Video of 'El Chapo' escape adds to myth surrounding Mexican drug lord(Read article summary)
A new video shows part of Joaquin 'El Chapo' Guzman’s escape from a shower in a Mexican prison.
Mexico's Attorney General's Office via AP
The footage, taken via surveillance camera, shows Mr. Guzman twice ducking behind a short shower wall in his cell at the maximum-security Altiplano prison. The first time he disappears, he resurfaces and goes back to his bed to change his shoes. Then he returns to the shower, bends down, and is not seen again.
The video fleshes out some of the details relating to Guzman’s break-out: The hole behind the shower wall led to a tunnel that ended at a half-built house about a mile from the prison, authorities said.
The footage also adds to the myth around Guzman, who as head of the country’s most powerful drug cartel has developed a larger-than-life, Robin Hood-like reputation, especially in his home state of Sinaloa.
“We’re glad,” a woman from Guzman’s hometown told CBS News. “In a way, the work and jobs generated by El Chapo benefit us.”
How is it that one of the main men behind Mexico’s bloody drug wars, which have claimed 100,000 lives over the last decade, is viewed by some as a hero?
Part of it, according to The Guardian’s Ed Vulliamy, is what El Chapo represents.
“He is, in his way, the last of the old-guard mafia dons, the last of that breed epitomised … by the figure of Marlon Brando as Don Corleone, the godfather,” Mr. Vulliamy wrote. “The last mafioso of the old school, who rules like a medieval baron, by consensus within his terrain and fearsome violence outside it.”
Born in the small city of Badiraguato in Sinaloa, Guzman grew up poor, selling oranges to get by. His uncle, however, pioneered Mexico’s drug-trafficking mafia in the 1960s and 70s, and by the late 1980s, Guzman was not only part of the family business – he was heading his own faction.
The lore surrounding him only grew when he was captured by authorities early in his leadership of the Sinaloa cartel. From prison, he built alliances with officials in public office and high politics, Vulliamy wrote. Then, in 2001, he broke out of El Puente Grande in a laundry cart.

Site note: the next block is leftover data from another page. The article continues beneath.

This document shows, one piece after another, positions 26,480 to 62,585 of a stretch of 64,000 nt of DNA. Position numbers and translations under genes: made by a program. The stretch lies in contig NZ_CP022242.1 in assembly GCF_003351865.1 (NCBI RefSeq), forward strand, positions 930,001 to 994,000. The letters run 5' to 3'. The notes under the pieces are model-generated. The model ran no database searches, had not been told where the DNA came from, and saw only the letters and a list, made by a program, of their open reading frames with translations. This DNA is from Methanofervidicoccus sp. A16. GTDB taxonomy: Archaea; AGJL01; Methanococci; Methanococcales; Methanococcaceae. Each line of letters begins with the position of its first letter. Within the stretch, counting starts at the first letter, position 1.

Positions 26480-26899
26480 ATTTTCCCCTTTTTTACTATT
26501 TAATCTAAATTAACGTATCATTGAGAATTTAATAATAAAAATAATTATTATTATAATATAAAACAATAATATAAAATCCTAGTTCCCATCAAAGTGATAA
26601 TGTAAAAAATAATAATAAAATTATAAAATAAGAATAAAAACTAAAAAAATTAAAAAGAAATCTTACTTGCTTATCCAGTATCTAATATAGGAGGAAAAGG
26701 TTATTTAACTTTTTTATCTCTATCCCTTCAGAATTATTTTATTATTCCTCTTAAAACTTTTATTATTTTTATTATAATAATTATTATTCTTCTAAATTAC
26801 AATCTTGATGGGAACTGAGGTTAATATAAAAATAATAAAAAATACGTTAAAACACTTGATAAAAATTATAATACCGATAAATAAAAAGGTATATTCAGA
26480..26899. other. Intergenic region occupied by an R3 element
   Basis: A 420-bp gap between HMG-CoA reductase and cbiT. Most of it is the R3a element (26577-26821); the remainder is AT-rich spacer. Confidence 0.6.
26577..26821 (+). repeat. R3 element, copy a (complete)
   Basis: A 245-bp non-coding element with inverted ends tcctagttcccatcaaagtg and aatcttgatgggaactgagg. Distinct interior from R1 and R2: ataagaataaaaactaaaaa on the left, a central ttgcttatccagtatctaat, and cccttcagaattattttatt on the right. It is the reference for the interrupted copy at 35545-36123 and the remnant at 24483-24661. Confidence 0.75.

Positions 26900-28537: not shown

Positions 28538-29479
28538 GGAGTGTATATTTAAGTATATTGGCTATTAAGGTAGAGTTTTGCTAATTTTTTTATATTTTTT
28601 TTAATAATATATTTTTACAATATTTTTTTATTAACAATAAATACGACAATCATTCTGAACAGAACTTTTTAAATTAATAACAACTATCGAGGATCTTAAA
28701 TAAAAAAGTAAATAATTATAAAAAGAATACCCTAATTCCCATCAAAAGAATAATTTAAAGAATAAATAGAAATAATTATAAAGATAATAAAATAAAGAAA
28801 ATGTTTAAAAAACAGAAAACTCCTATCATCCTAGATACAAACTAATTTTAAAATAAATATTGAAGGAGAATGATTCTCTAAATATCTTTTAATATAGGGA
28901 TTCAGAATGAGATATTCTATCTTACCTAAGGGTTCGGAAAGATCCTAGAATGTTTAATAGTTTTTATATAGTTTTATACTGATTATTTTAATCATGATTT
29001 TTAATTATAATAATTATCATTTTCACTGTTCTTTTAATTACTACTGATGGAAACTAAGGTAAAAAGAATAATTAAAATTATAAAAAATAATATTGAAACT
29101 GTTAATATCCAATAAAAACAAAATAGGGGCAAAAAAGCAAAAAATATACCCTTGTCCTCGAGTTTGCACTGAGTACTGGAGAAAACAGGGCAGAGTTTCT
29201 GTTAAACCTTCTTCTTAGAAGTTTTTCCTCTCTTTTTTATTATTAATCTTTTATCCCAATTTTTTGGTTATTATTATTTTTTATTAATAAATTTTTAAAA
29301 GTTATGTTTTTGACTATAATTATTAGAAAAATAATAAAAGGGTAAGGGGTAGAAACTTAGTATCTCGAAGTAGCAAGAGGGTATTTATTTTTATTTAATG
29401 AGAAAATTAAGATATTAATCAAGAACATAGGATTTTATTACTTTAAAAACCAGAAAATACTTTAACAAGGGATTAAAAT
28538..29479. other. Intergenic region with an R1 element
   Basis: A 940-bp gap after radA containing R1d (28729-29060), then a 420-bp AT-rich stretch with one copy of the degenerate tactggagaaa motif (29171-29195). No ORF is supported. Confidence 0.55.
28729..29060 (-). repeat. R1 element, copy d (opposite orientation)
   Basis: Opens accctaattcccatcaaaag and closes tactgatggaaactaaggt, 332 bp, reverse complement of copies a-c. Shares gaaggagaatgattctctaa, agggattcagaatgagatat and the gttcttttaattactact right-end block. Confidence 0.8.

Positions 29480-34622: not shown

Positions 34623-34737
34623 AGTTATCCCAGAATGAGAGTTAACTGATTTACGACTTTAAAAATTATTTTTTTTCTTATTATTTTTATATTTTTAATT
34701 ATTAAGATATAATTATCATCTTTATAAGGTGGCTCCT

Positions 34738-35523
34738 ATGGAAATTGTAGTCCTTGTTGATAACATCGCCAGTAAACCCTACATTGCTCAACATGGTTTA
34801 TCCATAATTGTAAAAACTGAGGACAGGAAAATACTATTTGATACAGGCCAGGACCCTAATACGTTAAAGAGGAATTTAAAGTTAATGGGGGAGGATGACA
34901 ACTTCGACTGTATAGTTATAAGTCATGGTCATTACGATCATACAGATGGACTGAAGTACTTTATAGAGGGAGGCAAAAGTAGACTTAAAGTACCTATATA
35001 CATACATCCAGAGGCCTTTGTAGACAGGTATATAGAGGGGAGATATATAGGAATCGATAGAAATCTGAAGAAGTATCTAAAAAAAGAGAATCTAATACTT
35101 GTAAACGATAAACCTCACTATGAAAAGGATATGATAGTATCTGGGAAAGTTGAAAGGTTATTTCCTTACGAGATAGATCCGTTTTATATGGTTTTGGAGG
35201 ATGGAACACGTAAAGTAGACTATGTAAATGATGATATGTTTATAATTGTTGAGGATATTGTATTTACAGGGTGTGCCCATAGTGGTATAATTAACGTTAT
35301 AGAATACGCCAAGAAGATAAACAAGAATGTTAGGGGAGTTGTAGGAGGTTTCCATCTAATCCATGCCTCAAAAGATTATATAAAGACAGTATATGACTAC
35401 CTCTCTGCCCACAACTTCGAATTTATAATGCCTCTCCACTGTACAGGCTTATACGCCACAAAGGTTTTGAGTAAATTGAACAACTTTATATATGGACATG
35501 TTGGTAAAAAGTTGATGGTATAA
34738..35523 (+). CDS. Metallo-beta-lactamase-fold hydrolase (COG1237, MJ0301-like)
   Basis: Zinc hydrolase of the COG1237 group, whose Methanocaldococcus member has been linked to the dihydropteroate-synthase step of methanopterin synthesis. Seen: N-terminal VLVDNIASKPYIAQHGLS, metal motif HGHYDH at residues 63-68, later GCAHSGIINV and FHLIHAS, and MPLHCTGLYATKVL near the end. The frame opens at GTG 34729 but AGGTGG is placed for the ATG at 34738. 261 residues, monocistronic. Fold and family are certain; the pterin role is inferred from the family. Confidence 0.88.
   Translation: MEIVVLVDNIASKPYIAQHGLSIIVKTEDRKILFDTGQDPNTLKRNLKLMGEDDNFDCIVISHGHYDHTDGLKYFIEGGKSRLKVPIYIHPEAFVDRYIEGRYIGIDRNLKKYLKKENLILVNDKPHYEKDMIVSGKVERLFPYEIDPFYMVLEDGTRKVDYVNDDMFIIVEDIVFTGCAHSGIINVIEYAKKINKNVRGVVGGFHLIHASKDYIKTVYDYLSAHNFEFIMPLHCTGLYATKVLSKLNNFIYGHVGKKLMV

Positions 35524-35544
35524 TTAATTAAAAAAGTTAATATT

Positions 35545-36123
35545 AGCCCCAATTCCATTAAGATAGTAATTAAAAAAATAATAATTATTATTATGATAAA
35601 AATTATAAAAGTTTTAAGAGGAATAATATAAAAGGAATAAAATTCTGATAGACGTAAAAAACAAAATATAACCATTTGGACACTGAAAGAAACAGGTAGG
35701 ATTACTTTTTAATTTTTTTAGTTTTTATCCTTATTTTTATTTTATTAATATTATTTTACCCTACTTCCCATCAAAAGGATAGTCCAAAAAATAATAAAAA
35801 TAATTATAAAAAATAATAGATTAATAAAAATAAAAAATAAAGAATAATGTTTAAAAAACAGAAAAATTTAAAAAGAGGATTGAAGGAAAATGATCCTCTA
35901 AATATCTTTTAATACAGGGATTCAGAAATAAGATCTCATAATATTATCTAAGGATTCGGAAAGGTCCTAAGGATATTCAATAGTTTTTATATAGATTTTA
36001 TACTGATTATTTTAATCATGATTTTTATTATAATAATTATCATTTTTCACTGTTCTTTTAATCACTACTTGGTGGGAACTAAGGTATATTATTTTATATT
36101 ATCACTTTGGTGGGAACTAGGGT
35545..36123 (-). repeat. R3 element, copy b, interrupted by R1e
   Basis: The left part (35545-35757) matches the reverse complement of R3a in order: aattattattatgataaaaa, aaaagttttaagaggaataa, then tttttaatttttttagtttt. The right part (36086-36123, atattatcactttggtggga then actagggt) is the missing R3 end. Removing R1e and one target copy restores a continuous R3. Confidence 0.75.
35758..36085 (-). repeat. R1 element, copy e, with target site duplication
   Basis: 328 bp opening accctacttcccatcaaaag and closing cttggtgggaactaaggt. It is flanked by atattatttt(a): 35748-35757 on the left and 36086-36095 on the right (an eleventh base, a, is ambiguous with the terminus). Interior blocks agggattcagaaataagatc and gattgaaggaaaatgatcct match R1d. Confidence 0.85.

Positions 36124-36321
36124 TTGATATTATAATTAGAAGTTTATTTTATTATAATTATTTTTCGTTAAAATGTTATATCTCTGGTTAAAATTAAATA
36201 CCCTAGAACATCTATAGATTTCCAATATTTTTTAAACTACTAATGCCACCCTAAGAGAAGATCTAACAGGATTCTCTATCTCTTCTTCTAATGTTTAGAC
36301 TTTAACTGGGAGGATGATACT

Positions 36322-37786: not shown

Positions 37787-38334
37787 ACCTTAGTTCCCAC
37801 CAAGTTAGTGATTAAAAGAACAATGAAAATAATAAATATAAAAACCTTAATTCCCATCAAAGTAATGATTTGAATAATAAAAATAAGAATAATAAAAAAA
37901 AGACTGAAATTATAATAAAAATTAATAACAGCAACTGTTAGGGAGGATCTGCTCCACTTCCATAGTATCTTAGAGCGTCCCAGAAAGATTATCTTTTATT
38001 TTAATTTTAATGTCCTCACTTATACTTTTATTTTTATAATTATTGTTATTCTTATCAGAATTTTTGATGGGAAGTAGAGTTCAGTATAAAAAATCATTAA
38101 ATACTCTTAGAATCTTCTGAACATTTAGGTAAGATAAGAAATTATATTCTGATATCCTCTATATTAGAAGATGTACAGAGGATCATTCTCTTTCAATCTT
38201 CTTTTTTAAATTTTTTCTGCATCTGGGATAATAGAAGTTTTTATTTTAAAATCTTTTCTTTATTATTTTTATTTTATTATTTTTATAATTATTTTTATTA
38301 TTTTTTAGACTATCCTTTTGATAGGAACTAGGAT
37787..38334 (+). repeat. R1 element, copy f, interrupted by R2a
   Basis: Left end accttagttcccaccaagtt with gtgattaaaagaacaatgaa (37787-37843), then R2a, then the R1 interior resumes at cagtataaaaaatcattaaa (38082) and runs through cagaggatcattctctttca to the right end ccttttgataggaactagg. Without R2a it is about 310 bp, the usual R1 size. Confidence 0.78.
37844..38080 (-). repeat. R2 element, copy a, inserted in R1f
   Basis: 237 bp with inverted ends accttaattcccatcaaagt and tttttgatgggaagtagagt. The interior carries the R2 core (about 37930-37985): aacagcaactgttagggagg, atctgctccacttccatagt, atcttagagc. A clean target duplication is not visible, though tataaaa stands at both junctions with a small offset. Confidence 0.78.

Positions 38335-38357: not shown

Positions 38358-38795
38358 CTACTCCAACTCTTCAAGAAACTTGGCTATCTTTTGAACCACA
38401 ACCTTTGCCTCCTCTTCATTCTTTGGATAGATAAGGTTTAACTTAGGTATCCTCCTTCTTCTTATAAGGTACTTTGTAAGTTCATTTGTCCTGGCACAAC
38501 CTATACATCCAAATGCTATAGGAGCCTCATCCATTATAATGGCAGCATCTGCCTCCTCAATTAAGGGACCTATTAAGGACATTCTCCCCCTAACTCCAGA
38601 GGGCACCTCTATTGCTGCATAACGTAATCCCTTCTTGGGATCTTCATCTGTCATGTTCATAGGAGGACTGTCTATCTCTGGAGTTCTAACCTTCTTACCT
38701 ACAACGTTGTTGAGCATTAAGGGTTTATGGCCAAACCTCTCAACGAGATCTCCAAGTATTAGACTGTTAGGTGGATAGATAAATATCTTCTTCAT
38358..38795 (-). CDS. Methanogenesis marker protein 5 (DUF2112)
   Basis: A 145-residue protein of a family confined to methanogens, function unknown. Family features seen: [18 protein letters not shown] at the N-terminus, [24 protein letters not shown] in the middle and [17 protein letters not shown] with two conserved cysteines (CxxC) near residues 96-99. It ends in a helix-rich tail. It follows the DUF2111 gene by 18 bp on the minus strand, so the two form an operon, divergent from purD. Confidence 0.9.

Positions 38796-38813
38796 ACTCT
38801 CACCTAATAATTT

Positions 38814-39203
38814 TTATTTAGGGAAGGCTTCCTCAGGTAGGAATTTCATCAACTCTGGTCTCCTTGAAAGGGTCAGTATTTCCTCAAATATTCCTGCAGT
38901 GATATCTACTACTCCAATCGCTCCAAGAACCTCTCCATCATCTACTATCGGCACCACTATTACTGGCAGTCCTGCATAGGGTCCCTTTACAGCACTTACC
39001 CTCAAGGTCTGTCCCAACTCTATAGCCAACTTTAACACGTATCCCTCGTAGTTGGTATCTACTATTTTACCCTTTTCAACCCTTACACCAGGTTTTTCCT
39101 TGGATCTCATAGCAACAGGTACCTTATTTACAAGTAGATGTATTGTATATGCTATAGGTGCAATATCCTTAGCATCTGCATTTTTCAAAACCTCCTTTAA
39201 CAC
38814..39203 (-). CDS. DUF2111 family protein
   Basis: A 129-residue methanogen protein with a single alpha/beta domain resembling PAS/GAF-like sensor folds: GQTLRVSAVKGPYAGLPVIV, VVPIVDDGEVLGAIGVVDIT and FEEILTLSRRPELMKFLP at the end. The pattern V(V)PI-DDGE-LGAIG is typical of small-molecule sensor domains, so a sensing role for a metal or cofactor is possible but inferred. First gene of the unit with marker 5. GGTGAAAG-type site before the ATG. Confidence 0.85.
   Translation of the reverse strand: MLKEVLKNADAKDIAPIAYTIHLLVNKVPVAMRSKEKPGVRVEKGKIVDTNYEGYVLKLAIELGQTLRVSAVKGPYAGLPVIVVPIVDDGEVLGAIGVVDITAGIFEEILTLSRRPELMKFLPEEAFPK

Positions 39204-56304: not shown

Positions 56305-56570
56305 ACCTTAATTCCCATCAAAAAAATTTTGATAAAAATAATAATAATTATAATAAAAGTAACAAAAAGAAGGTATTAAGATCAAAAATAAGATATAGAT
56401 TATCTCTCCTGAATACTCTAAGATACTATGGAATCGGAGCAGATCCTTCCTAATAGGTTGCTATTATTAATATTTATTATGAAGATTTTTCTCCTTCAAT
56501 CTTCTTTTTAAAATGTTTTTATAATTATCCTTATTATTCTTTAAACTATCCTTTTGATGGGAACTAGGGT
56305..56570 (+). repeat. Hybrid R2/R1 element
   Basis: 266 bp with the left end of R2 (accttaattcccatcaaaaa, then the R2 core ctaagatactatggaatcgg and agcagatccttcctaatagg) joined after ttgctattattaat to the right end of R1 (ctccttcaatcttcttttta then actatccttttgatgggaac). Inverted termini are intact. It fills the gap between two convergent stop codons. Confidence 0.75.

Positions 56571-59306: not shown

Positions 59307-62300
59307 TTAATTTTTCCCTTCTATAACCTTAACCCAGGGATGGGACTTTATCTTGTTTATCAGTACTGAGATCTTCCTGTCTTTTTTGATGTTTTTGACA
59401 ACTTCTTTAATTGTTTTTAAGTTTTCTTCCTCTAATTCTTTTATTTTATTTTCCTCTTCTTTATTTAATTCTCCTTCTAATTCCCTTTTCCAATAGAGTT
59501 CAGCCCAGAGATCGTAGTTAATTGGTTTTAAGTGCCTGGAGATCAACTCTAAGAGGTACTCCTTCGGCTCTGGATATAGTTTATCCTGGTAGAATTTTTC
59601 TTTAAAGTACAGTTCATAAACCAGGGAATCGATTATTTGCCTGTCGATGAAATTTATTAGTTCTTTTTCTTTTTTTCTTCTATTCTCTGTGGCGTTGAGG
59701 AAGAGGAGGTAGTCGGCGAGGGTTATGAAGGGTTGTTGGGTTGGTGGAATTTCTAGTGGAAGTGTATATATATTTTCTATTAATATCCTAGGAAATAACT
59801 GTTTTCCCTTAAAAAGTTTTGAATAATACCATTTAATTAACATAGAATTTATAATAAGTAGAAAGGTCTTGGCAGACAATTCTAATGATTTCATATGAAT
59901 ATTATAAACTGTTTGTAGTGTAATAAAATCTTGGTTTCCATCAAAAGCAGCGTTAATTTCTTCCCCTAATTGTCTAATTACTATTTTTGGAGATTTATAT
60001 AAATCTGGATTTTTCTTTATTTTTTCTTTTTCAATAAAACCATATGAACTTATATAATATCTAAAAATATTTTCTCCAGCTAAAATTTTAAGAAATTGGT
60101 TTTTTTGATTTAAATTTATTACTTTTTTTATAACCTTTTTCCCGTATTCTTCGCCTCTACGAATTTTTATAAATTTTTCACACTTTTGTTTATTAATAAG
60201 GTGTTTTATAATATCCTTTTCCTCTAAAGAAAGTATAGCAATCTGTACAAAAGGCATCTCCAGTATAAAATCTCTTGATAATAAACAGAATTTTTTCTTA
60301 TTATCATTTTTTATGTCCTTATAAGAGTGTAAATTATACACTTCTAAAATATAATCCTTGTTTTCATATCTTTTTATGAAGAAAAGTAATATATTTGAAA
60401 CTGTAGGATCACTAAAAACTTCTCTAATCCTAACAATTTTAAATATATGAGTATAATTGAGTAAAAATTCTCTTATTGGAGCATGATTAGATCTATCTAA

In Culiacán, urban legends about El Chapo are daily bread. One says that a thief unwittingly robbed the capo’s niece’s car, and got his hands cut off by Mr. Guzman’s thugs as a lesson. In another, a former top state official reportedly fell for a local beauty and sent her an expensive gift. The gift was returned to his office along with a note from Mr. Guzman saying the girl was his. “Send her another gift and I’ll kill you,” the note said.
Separating fact from fiction is difficult.
His life has also inspired books, songs, and in one case, a 60-episode television series titled, “El Varón la Droga” (“The Drug Baron”). He has also been listed multiple times among Forbes magazine’s “Most Powerful.”
But those who have spent years covering and uncovering the narcotics trade out of Mexico have warned against glamorizing Guzman.
“He is a complete savage,” Tom Fuentes, a CNN law enforcement analyst, said. “What they do, and how they do business, is based on complete terror. ... They kill journalists, politicians, police officers, corrections officers. And then not just that person, but every member of their family.”
Guzman’s escape has led Mexican officials to launch a massive manhunt, fire the director and a slew of workers at the Altiplano prison, and offer a $3.8 million reward for details that lead to his recapture. The city of Chicago, a hub for the Sinaloa cartel’s US trafficking and distribution centers, has once again labeled Guzman, “Public Enemy No. 1.”
“The man is no Robin Hood – he’s a mass murderer,” Don Winslow, who has authored novels around a fictionalized version of Guzman, wrote in a CNN op-ed. “The last time that Chapo ‘escaped,’ his effort to put his empire back together touched off a decade-long war that caused untold suffering, left thousands of orphans, shattered communities and destroyed souls.”